Find a college that best fits your personality, if you grew up in a big city with lots of things to do to keep you entertained you should look for a school in the same setting. make sure the school has an active social life, sometimes all you need for fun is right in front of you on your schools campus. also be sure that there are many clubs and groups to join they are helpful in many ways, they build friendship, leadership, responsibility as well as many other important characteristics needed for after your life in school. make sure there are plenty of places to get some studying done as well, because a dorm room is not always the best environment for studying quiet places seem to be the most effective places and that isnt always an option when you live on campus. finally make sure it is a place you can see yourself being happy with for the next four years, because it seems best to choose one school and stick with it, dont forget this is a very important decision for not only your life in the present but also the future.


The advice that I would give to students about finding the right college and making the most of the college experience is: If possible, get away from your parents and really experience what it's like to live somewhat on your own. By doing this you ensure that when you graduate, you have enough of a sense of independence that you can make it on your own. Also, don't just follow the money, and choose a major that will lead to a career/job that you will love. Many Americans and people all over the world, are stuck in a job that they hate. The job may pay well, but what is the point of doing a job that you hate and drives you crazy? Pick a career that you will love and every day your work will be better for it. As for parents, all I can say is don't force your children to do something they will hate. By this I mean, do not force a career on your child because you think it's what they will enjoy.


Find the college you feel the most comfortable in. If your not happy in your choice your work, grades, friends, and everything else in your life will be effected. Try out several different core classes in your first year to see if your major is really the one for you and if that is what will truely make you happy. College isn't all fun and games but who says you can't make studying fun. Try study groups and hang on with people in the class. Though studying is important and you need to do a lot of it, don't stay stuck in your room all day. Sunlight is good for you and so it making friends and doing other activities. You can ioin a fraternity/sorority, join a play production, join a sports team, and many other things. College may be hard but is one of th emost exciting and influential times of your life, so have fun but don't be stupid. College is something that others may never get chance to experience so suck the marrow out of life and enjoy.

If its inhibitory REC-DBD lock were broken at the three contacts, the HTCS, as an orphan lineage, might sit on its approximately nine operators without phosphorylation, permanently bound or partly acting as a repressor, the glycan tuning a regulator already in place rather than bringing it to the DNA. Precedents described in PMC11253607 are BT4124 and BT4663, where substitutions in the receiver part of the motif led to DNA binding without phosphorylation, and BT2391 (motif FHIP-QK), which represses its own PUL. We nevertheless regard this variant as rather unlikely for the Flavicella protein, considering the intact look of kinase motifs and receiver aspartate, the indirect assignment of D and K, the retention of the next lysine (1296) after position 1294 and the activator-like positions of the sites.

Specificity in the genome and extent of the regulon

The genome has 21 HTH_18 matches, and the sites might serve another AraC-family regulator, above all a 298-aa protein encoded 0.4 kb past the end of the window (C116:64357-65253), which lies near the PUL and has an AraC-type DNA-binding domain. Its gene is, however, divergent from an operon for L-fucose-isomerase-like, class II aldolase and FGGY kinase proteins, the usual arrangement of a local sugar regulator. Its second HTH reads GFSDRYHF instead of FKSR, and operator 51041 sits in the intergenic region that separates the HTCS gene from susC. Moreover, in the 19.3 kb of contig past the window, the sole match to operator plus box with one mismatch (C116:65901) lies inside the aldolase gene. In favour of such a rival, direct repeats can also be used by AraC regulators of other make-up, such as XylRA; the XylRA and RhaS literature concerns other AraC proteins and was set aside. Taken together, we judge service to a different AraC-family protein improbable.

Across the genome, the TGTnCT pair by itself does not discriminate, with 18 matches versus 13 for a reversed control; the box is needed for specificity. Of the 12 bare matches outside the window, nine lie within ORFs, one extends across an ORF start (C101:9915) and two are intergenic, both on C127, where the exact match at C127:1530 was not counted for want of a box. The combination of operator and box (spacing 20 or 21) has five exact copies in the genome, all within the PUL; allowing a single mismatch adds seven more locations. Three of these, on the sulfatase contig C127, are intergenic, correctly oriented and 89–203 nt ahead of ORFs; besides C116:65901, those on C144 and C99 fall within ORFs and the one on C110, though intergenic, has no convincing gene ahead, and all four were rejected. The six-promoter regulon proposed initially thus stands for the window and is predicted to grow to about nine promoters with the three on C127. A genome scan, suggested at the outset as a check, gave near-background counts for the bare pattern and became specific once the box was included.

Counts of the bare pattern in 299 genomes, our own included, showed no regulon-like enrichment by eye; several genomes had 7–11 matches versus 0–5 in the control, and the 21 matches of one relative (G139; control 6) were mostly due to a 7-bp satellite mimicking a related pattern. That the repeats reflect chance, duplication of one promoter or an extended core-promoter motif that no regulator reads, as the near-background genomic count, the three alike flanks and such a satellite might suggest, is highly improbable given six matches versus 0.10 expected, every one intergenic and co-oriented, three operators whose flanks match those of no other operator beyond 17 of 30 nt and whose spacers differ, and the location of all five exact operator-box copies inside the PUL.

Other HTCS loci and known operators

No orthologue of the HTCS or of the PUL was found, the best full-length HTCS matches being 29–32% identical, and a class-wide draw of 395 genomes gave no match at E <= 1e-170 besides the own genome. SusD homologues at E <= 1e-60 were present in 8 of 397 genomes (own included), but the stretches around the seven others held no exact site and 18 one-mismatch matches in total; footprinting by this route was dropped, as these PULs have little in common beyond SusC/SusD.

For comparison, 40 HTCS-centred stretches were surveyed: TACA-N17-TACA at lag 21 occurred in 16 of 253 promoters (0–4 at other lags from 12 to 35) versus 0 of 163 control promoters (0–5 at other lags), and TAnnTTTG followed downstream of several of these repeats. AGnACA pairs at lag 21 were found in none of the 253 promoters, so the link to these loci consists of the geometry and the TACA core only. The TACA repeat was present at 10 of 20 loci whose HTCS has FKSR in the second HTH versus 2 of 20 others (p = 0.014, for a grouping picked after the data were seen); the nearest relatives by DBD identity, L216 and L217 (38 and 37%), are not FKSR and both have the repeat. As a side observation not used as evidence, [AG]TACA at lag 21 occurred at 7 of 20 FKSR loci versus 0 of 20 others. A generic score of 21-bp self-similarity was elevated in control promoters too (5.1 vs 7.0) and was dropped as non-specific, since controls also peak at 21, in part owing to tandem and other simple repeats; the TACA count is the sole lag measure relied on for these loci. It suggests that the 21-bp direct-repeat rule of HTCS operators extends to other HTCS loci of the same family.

You dont have to worry about your children at this college. Your child wont just be stuck behind a desk all day and if they are determined there are a lot of opportunites at this college for them.


Study hard


One major piece of advice I would share with parents and prospective college students would be do not look at a college or university on the basis of its reputation. Once a student becomes interested in a school, they need to research all the programs involved. It would be an impediment to a student's education if he or she did not feel a connection when learning about all the school's opportunities. My second piece of advice is to visit the school. Spend a day or two, depending on the size, and really see if you feel a sense of comfort there. when you are at the right school, it should just fit naturally. While on campus make sure you set up meetings with the heads of the departments that you are interested in majoring in, and do not be shy ask if you can sit in on a class. Once you have made your decision about a college, you should be thrilled and possibly nervous. Embrace every aspect of your college life; this is the time memories are created. Step out of your comfort zone and believe in the power of your potential.


Make sure that the personality of your child fits in with the atmosphere of the school. If you can get that matched up, your student is more likely to stay.


The advice i would give to parents and/or students about finding the right college and making the most of the college experience is take your time when deciding the right college for you. When deciding the right college for you; I believe that you should make a list of the colleges you would like to attend and do a little research about each one. From there you should narrow down your choices to the ones you would like to attend more. Once you have done this; then you should arrange for a campus tour of a couple of your top college choices and visit them to see if you would actually enjoy attending the college or if you would rather attend another college. You should always consider your choices before you form any game plan of deciding which college will be the best fit for you and which college will help you on your way to obtaining your career goal(s).


Try to choose a college that will be supportive and community driven for you to enjoy. Be sure the college of choice offers help when you are in need and advice to get you through problems. If your an athlete, ask yourself if this is the college where you want to finish your education should you get hurt and can not play sports. Some athlete get stuck when sports is no longer an option.


In finding the right college a prospective student should look at the graduation rate within four years, a small private college offers the opportunity to complete your degree in 4 years. Another factor that my parents considered was the party reputation of the school, they felt that a school with little social events in the weekend would keep me out of trouble and more focus on my class work. Making the most of a college experience is being completely active in all school functions. I play a varsity sport but in my free time I go to every other athletic activities in my school, you also need to get involved in as many organizations you can as this is a great way to make everlasting friends.


Make sure you visit that college for a least a weekend and get a feel for the college and your surrounding>